Do you remember back when the Conjuring movies were good? Not just regular good. I mean ‘real’ good. ‘Good’ good. ‘Back when they were the biggest thing in horror’ good. ‘Excited for new sequels’ good
The strange thing is, it really wasn’t all that long ago. In fact, it’s been all of five years since we’ve gotten a good Conjuring movie. Granted, it was the first one, meaning that, as far as anybody counting is concerned, the larger Conjuring franchise is currently only 1 for 5.
That’s kind of crazy, right? I mean, long-running franchises are the lifeblood of the industry right now. Horror franchises getting run into the ground is simply par for the course at this point. But even in the most maligned of franchises, horrific or otherwise, there’s invariably more than just one good movie, especially when you get this far in.
Friday the 13th was actually unrepentantly good until its fifth entry (and even then, the sixth was a franchise-defining high note, Freddy vs Jason was infectiously fun and even its 2009 remake was shockingly excellent). A Nightmare on Elm Street had its first, third, and meta-fictional seventh installments (not to mention the aforementioned Freddy vs Jason and its own shockingly excellent 2010 remake). Hellraiser had its first 3 ½ movies, anyway (plus it’s 2, underrated recent entries). Child’s Play had movies one, four, six and seven.
The only high-profile franchise of any genre that I can think of with a comparable good-to-bad ratio is the DCEU. Despite dalliances into Batman, Superman and the full-on Justice League, the only standout movie to date is Wonder Woman. But even then, that franchise has a trio of promising-looking prospects on the horizon that very well might lift it out of its slump: namely Aquaman, Shazam and Wonder Woman 1984.
But not so with the increasingly tiresome releases in the Conjuring cinematic universe. The first movie, released in 2013, is rightly judged as excellent. Easily director James Wan’s best work to date, it combined unsettling tension, likeable characters and effective, punchy jump scares to tell one of the best tales of haunted homesteads since Poltergeist (1982). Sure, they shoehorned in a creepy doll for some needless stakes-raising and the real-life Warrens at the center of the narrative were con artists who profited off gullible rubes, but taken on the whole, The Conjuring is one of the best horror movies from a decade that’s increasingly defined by incredible horror movies.
But then came the listless dribble of sequels, prequels and spin-offs that’s come to define the franchise today: not a-one of them worth the time or money it costs to sit through them. No, not even Annabelle: Creations, which isn’t nearly as good as its better-than-expected reputation seeks to claim.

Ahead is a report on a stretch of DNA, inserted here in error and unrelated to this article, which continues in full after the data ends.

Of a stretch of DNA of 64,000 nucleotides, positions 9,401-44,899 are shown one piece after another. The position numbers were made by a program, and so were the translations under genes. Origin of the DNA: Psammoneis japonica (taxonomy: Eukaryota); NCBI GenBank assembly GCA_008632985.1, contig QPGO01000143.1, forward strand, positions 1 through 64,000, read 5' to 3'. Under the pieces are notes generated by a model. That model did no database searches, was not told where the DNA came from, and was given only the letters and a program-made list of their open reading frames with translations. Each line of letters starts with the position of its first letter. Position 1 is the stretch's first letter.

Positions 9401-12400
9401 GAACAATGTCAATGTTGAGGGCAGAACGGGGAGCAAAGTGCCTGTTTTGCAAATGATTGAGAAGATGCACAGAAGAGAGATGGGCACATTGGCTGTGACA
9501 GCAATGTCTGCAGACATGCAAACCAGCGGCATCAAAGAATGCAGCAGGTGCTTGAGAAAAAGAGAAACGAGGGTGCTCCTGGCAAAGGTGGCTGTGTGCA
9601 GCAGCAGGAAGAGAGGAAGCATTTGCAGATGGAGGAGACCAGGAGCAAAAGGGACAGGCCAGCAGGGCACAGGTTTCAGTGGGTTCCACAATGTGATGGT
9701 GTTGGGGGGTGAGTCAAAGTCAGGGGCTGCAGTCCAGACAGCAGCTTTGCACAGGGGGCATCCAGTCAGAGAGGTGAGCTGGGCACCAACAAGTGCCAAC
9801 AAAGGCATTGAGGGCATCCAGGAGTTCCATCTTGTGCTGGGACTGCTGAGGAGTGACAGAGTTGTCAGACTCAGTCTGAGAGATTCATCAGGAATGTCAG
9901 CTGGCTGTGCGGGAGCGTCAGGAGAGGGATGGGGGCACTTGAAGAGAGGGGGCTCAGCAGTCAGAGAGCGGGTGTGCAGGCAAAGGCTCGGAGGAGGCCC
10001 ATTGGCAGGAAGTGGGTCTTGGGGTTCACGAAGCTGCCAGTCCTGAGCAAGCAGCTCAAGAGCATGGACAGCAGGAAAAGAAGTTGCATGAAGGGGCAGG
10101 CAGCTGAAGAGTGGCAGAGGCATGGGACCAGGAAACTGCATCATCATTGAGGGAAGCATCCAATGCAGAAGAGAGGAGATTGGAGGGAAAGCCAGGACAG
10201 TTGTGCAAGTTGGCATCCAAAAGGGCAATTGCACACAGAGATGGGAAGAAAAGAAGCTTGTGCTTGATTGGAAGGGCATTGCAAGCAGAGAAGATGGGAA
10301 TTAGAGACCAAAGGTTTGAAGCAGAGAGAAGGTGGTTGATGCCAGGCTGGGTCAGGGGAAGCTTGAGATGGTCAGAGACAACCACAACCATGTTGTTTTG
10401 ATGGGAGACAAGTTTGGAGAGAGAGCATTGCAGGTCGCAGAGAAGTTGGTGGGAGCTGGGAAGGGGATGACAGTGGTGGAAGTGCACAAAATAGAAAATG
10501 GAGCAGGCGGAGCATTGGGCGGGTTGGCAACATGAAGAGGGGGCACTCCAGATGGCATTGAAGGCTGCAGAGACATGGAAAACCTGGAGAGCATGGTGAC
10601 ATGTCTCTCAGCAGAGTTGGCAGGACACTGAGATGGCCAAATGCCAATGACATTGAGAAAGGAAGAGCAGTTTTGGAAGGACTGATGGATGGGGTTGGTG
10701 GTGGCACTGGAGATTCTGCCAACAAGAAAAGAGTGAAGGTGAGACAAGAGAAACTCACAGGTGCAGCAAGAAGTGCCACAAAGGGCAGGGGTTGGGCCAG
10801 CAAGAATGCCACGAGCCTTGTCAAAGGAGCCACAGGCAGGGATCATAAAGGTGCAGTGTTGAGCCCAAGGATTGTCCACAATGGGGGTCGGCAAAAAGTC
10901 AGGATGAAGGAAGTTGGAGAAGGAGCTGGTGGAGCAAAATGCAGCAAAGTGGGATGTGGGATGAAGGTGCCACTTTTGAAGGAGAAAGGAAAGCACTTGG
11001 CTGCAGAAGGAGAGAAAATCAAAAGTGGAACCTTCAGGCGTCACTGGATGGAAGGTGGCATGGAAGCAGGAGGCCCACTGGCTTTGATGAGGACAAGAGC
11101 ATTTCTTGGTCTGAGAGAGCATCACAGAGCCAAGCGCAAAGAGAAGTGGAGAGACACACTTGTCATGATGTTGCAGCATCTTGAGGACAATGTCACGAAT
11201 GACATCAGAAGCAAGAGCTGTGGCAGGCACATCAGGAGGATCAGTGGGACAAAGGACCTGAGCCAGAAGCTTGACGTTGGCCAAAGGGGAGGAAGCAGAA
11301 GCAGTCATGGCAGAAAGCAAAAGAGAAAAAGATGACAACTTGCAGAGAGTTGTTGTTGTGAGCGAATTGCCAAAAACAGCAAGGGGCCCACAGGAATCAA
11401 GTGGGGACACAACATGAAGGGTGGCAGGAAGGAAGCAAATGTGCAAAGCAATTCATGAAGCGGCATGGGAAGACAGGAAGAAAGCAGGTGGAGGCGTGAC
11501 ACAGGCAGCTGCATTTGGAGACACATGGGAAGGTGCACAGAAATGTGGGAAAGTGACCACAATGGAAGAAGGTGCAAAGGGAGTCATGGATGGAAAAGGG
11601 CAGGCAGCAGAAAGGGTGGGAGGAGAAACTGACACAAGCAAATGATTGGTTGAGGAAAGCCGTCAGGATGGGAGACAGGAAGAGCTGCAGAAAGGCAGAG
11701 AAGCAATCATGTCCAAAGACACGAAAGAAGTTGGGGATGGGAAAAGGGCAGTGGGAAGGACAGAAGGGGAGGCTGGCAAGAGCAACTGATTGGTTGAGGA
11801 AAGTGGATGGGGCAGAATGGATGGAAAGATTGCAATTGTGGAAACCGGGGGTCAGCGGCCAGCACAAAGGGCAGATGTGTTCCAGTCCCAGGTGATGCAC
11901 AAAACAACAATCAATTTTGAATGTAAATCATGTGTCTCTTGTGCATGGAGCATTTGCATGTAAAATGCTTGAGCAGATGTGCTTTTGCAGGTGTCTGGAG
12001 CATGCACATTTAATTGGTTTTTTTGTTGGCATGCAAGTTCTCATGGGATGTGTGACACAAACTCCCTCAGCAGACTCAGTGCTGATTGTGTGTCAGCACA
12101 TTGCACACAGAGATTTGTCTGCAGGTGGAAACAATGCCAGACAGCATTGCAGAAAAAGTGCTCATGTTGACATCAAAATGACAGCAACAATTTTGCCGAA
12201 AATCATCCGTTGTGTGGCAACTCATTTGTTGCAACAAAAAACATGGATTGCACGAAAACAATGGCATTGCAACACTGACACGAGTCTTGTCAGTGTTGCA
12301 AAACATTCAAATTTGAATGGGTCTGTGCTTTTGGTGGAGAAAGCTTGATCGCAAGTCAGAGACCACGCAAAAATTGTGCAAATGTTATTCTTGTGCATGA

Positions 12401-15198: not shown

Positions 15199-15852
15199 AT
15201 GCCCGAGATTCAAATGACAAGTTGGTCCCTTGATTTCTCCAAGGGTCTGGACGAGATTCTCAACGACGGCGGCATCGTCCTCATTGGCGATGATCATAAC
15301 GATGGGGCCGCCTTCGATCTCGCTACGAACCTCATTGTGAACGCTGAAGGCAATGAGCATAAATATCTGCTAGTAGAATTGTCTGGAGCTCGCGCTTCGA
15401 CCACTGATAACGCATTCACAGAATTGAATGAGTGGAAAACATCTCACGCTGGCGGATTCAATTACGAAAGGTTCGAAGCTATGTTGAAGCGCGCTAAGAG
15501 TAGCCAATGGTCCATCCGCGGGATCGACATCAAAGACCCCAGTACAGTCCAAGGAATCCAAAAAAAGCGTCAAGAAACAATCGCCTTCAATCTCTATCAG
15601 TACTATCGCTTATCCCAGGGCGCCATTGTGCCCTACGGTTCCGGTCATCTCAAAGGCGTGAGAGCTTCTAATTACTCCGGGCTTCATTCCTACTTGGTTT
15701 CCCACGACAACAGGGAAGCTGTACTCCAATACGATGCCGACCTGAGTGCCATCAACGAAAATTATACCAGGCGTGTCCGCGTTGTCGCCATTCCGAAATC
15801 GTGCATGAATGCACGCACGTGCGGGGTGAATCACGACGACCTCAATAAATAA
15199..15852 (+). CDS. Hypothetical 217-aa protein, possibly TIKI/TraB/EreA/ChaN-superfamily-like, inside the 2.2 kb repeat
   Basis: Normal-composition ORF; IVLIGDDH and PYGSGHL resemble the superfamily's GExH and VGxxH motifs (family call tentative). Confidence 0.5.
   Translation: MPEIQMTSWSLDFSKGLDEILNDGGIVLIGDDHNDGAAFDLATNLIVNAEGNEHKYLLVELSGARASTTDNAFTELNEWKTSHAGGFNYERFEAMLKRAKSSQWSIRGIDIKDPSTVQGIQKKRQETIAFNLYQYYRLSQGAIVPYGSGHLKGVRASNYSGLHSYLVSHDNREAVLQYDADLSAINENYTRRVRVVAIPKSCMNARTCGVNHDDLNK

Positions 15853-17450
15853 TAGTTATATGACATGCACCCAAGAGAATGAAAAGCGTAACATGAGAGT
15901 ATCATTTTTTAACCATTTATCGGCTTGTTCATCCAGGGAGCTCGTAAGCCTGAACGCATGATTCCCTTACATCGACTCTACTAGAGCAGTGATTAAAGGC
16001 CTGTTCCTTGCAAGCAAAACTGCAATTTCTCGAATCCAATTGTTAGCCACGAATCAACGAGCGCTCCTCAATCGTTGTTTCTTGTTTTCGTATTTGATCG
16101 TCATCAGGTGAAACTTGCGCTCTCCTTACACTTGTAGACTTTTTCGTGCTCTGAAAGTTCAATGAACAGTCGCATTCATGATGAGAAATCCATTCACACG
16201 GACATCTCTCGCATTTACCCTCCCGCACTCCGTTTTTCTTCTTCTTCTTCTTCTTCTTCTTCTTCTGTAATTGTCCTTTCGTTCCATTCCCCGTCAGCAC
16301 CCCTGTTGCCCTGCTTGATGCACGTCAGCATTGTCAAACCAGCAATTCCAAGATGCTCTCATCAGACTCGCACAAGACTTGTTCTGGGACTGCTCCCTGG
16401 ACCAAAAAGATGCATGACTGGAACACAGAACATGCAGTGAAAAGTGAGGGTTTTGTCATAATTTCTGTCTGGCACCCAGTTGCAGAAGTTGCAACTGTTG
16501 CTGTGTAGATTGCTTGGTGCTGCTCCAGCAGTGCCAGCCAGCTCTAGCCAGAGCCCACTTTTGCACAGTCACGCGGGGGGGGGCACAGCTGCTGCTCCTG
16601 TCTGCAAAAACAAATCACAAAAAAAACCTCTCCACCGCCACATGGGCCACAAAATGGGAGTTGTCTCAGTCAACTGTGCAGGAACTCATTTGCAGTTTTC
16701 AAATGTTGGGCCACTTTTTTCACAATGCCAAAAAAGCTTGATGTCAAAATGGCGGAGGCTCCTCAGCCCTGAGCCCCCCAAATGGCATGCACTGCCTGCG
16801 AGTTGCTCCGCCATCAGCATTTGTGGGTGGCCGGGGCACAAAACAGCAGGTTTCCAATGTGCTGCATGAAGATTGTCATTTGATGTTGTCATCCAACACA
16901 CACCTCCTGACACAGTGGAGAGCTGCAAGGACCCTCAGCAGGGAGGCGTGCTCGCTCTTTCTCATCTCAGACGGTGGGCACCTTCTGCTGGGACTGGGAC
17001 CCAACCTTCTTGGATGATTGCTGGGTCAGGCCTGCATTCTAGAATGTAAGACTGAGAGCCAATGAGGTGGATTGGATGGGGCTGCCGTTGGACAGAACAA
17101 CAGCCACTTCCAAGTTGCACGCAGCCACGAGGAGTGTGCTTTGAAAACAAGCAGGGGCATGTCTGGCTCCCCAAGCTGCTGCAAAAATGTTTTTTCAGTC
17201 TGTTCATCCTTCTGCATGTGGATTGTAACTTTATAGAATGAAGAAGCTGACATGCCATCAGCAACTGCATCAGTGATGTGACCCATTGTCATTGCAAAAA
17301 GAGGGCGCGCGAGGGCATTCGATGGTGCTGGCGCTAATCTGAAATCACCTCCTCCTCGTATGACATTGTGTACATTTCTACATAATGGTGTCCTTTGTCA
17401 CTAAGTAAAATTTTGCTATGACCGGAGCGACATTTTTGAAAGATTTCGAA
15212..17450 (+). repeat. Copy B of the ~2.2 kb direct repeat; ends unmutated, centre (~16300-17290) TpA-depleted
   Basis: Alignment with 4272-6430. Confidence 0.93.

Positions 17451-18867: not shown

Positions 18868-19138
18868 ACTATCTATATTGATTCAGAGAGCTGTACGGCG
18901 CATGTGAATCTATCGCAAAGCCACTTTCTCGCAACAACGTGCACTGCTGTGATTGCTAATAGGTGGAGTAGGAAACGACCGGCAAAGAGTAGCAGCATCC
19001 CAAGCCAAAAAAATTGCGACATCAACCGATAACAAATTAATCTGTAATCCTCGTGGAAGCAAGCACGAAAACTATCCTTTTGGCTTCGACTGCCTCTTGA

Annabelle (2014), though better than it’s generally given credit for, is a pretty subpar prequel about the least interesting aspect of the first movie that is at least partially redeemed by a few good scares and some workmanlike tension that occasionally works its way into the narrative. Its own direct prequel, Annabelle: Creations (2017), was only marginally better, but nevertheless falls short compared any other equally notable modern horror film.
The Conjuring 2 (2016) was almost good. The Crooked Man was a nightmarish creation that just about elevated the entre movie surrounding it. But between shoe-horning in the Nun Valak in post-production and working double-time to drum up potential spin-offs at the expense of telling the story we paid to see — the exact same problem that Spider-Man 2 had — it was just too bloated and unfocussed to amount to much more than a somewhat amusing (and entirely disposable) distraction. And now The Nun (2018), its direct prequel and easily the worst of the entire franchise, is in the midst of plundering unsuspecting theaters of everything they’re worth.
But Warner Bros isn’t done with the franchise yet. Who can blame them, really, when The Nun of all things to cleaning up so readily at the box office. We have another direct Conjuring sequel, another direct Annabelle prequel and even a Crooked Man spinoff that I can’t even begin to contemplate. Plus, with The Nun raking in as much money as it is, I can’t imagine it will be too long before a direct prequel to it is announced. They’d just be leaving money on the table otherwise.